We give a simple proof of Connes implies Tsirelson, and further advertise a hot topic in quantum information: optimal states and robust self-testing. We showcase here how operator algebraic techniques can be quite fruitful.

For this we begin with by recalling quantum strategies in the context of non-local games, and their description in terms of the state space on the full group algebra of certain free groups. With this description at hand, we then directly obtain the main result via an elementary lifting result by Kim, Paulsen and Schafhauser:

*The Connes embedding problem implies the synchronous Tsirelson conjecture.*

As such the entire proof is elementary, and bypasses all versions of Kirchberg's QWEP conjecture and thelike, as well as any reformulation such as in terms of the micro state conjecture. Moreover, it should be (likely) easier to construct minimal nonlocal games as counterexamples for the synchronous Tsirelson conjecture (which is equivalent to the full Tsirelson conjecture but in a non-trivial way) and so also nonamenable traces for above groups, in other words non-Connes embeddable operator algebras.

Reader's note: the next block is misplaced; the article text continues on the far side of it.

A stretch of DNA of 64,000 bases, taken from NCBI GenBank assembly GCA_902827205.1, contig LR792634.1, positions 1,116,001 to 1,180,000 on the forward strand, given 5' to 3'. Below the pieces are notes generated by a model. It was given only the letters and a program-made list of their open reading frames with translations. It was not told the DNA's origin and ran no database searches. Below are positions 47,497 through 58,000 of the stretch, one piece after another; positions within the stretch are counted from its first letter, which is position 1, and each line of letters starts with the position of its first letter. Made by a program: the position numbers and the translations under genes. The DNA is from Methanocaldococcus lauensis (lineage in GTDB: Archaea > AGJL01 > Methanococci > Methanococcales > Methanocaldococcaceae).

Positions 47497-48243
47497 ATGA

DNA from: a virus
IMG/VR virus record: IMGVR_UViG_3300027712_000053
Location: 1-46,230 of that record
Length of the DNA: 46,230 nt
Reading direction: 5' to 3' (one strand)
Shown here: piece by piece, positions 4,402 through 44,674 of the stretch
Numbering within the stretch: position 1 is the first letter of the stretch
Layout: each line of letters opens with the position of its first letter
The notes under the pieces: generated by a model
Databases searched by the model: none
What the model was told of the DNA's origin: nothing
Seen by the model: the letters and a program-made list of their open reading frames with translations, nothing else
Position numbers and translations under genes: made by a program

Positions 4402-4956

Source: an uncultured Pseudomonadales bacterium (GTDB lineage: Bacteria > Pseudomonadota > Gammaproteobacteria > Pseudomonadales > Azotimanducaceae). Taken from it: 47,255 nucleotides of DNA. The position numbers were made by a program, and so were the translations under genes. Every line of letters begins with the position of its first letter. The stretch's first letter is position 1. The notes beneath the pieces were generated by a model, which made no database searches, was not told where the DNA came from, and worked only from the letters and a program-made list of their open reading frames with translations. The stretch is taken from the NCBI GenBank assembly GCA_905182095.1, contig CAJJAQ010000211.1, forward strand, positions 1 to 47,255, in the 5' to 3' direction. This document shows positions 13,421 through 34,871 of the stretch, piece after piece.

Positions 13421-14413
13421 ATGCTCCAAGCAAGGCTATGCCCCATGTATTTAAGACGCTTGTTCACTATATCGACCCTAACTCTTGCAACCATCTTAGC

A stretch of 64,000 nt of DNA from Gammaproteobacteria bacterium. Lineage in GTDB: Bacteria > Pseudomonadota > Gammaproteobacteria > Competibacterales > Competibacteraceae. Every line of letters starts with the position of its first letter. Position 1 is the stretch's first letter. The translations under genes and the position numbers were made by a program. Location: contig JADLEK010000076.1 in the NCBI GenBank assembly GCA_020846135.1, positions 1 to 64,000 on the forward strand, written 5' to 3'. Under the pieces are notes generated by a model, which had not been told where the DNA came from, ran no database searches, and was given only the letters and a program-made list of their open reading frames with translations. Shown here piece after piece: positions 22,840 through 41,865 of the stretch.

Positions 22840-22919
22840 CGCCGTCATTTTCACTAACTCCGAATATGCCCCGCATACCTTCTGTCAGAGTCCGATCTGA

After this we continue (as much as time permits) with an advertisement for a topic in quantum information (a hot one):

*Device-independent certification of quantum states – more precisely ROBUST SELF-TESTING – *

which has tremendous importance for the coming era of practical quantum computingand we showcase how operator algebraic techniques can be quite fruitful here.More precisely, we illustrate these techniques on the following two prominent classes of nonlocal games:

1) The tilted CHSH game.

We showcase here how to compute the quantum value using operator algebraic techniques, and how to use the same to derive uniqueness for entire optimal states, including all higher moments as opposed to correlations defined on two-moments only, where the latter compares to traditional self-testing.Moreover, we report in this example on previously unknown phase transitions on the uniqueness of optimal states when varying the parameters for the tilted CHSH game.

2) The Mermin–Peres magic square and magic pentagram game. As before, we also note here uniqueness of optimal states, which in these two examples is a basically familiar result.

The first part is based on preprint: https://arxiv.org/abs/2209.07940

The second part on self-testing (and further robust self-testing) is based on https://arxiv.org/abs/2210.03716 and upcoming joint work with Azin Shahiri.

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